Cereal Ice Cream: a crunchy substance melted with creamy sweetness. Perhaps it's the next food buzzword for college students. At least at Stanford, some students are starting to pick up the trend in our cafeterias.

The rise of cereal-infused ice-cream in the 2010s seemed at first to be one of many instagrammable food trends destined to fall as quickly as it has risen to prominence on our “Popular” pages. Starting as “Cereal-milk” soft serve in 2008 at Christina Tosi’s first Milkbar dessert shop in the East Village of Manhattan, the phenomenon soon spread beyond the chain. Other shops- like Mott Street’s “Milk and Cream” were capitalizing on it in new ways- like blending a cereal of the customers choice with ice cream in specially-designed machines.

I visited the shop shortly after it opened in the mid 2010’s, and I remember it fondly as a formative food experience. Gimmick, excess, breakfast cereal, and huge amounts of sugar added up to something genuinely delightful. With dense cubes of cake and a cookie straw sticking out of a mound of my newly created flavor (vanilla + cocoa puffs), it was about as silly and theatrical as dessert gets, and yet grounded in familiar flavors– the best of what “ made-for-Instagram” food has to offer.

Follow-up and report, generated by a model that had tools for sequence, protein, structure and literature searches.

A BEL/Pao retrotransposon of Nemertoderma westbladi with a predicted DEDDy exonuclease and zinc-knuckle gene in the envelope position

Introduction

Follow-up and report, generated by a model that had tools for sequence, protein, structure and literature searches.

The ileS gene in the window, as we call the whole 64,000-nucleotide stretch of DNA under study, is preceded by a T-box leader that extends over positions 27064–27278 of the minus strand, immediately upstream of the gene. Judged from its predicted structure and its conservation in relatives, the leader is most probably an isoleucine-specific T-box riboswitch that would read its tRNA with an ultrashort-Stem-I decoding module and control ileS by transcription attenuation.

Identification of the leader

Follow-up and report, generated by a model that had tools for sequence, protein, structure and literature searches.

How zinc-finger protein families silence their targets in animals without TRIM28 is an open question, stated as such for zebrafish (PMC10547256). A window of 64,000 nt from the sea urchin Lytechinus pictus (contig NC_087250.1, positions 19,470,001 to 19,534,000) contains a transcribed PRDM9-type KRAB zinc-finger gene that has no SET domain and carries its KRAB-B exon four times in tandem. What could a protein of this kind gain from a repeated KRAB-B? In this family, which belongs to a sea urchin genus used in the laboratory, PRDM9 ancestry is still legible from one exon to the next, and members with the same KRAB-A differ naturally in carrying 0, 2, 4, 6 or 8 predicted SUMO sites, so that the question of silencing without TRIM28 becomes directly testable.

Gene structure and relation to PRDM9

For Stanford students looking to enjoy cereal-flavored ice-cream, there is, of course, Milk Bar’s SF location, as well as ice cream shops like “Milk Bomb” who are taking cereal milk in their own directions, like to-go pints and donut-topped parfaits. Or, you can just do what I do, and smash the cafeteria’s cereals into some soft serve until your slurry-of-choice is achieved. (My favorite combos at the moment are vanilla/cinnamon toast crunch, and chocolate/lucky charms)

Several factors account for the trend’s staying power- it’s variable and customizable, it’s nostalgic, and, unlike many recent dessert trends of the era (think, nonfat froyo and charcoal ice-cream) it actually tastes good. If you’re going to indulge yourself, or your feed, in an ice cream trend– cereal-milk has this editor’s seal of approval.